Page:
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Old 05-08-2011
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Lungs How to hold your breath for a longer time

If you want to hold your breath longer underwater, take a deep breath in and then right before you go under, take a quick breath out.

Why would you want to exhale before going underwater?
It has to do with expiratory flow rate. The larger the radius of our conducting airways, the greater the expiratory flow rate (same concept as in blood flow as resistance is inversely proportional to the radius to the fourth power). So if we take a quick breath out before we go underwater, we remove some of the air from our conducting airways (air in anatomical dead space). This air cannot participate in gas exchange anyway so by removing this air, you are decreasing the radius of your conducting airways, thus increasing resistance to expiration. This decreases expiratory flow rate so you can hold your breath for a longer time!!
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Old 05-08-2011
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Haha, you watched the Kaplan guy explain it?
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Old 05-08-2011
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Yup, didnt understand it the first time though. finally clicked after i got a question wrong related to the concept
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Old 05-08-2011
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Haha, that's exactly what I was thinking. That kaplan did explain this! But yeah, this is interesting because I would hve never thought of expiring before going under water.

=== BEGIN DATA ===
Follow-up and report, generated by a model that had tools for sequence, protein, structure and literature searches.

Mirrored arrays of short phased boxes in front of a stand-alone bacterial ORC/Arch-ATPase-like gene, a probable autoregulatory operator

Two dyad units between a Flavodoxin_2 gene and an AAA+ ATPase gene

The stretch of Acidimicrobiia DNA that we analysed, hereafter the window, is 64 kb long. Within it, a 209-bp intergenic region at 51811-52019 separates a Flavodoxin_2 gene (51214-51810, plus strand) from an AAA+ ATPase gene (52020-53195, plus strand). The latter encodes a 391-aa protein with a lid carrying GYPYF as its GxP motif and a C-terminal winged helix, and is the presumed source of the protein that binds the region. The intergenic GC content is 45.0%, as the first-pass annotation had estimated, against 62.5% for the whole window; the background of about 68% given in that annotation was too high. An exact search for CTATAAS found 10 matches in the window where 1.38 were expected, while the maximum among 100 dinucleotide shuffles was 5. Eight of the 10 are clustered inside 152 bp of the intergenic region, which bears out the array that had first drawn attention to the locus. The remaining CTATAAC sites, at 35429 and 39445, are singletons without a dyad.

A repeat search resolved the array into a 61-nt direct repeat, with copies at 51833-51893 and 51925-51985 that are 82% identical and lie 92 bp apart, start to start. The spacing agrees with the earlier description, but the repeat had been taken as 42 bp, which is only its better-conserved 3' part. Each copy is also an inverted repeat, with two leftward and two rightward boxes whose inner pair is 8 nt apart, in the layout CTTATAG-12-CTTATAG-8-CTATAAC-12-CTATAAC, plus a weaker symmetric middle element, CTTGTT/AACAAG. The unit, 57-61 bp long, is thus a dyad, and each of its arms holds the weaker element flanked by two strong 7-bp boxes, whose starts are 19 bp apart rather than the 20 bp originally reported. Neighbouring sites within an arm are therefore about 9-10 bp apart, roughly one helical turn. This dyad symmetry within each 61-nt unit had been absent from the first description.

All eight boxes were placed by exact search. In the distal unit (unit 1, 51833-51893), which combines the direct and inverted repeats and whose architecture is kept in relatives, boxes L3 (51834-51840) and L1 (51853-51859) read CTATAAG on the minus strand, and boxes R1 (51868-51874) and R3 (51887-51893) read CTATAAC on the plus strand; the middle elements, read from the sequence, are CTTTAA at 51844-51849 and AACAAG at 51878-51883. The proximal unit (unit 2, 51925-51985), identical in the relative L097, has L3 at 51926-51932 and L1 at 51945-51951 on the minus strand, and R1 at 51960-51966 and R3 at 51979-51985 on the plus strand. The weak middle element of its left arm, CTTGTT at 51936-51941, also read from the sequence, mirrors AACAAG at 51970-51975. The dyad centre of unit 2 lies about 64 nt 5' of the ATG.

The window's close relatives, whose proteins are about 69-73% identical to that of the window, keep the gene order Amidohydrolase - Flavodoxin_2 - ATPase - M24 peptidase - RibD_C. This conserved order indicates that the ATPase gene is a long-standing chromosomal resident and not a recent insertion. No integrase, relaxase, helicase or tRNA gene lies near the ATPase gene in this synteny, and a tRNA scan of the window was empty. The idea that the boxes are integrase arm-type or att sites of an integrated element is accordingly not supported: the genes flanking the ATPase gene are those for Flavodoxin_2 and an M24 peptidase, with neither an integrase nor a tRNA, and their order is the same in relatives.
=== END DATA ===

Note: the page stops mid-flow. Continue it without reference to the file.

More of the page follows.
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Old 05-08-2011
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Quote:
Originally Posted by eesfee View Post
Haha, that's exactly what I was thinking. That kaplan did explain this! But yeah, this is interesting because I would hve never thought of expiring before going under water.
I remembered this concept by imagining myself on a plane that's about to go down and we have to jump off into the ocean hehe (I cant swim so gotta get as much air in as possible)
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Old 05-09-2011
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You can also try hyperventilating before taking the deep breath in.

Why?

The reason we start to breathe again after a long period of time holding our breath is because of hypercapnia (not hypoxia). If you hyperventilate right before taking a deep breath then you start with a much lower baseline CO2 and therefore it takes a longer period of time for your CO2 to reach the threshold that would make you instictively take that first breath in. I have managed to reduce my sats down to low 60s by doing this.
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Old 05-09-2011
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It's true that dead space volume does not participate in the gas exchange but when you exhale this volume, it will be replaced by the air in the alveolar space. so finally you are decreasing the alveolar volume which does not result in staying longer time underwater.

But there might be another mechanism involved, I think the long volume just a little bit under the TLC helps you have a better blood perfusion to the longs.

What you think?
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Old 11-13-2011
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Wink Used by swimmers too

This is even used by professional swimmers to hold their breath underwater for long so that they don't have to waste time in taking breaths repeatedly. Those of you who swim will easily understand that when we exhale air inside water through our nose after taking a breath outside water through our mouth it makes you hold your breath for long.

I have been an avid swimmer and have always used this during swimming without ever knowing why but thanks to Kudrath i now know why
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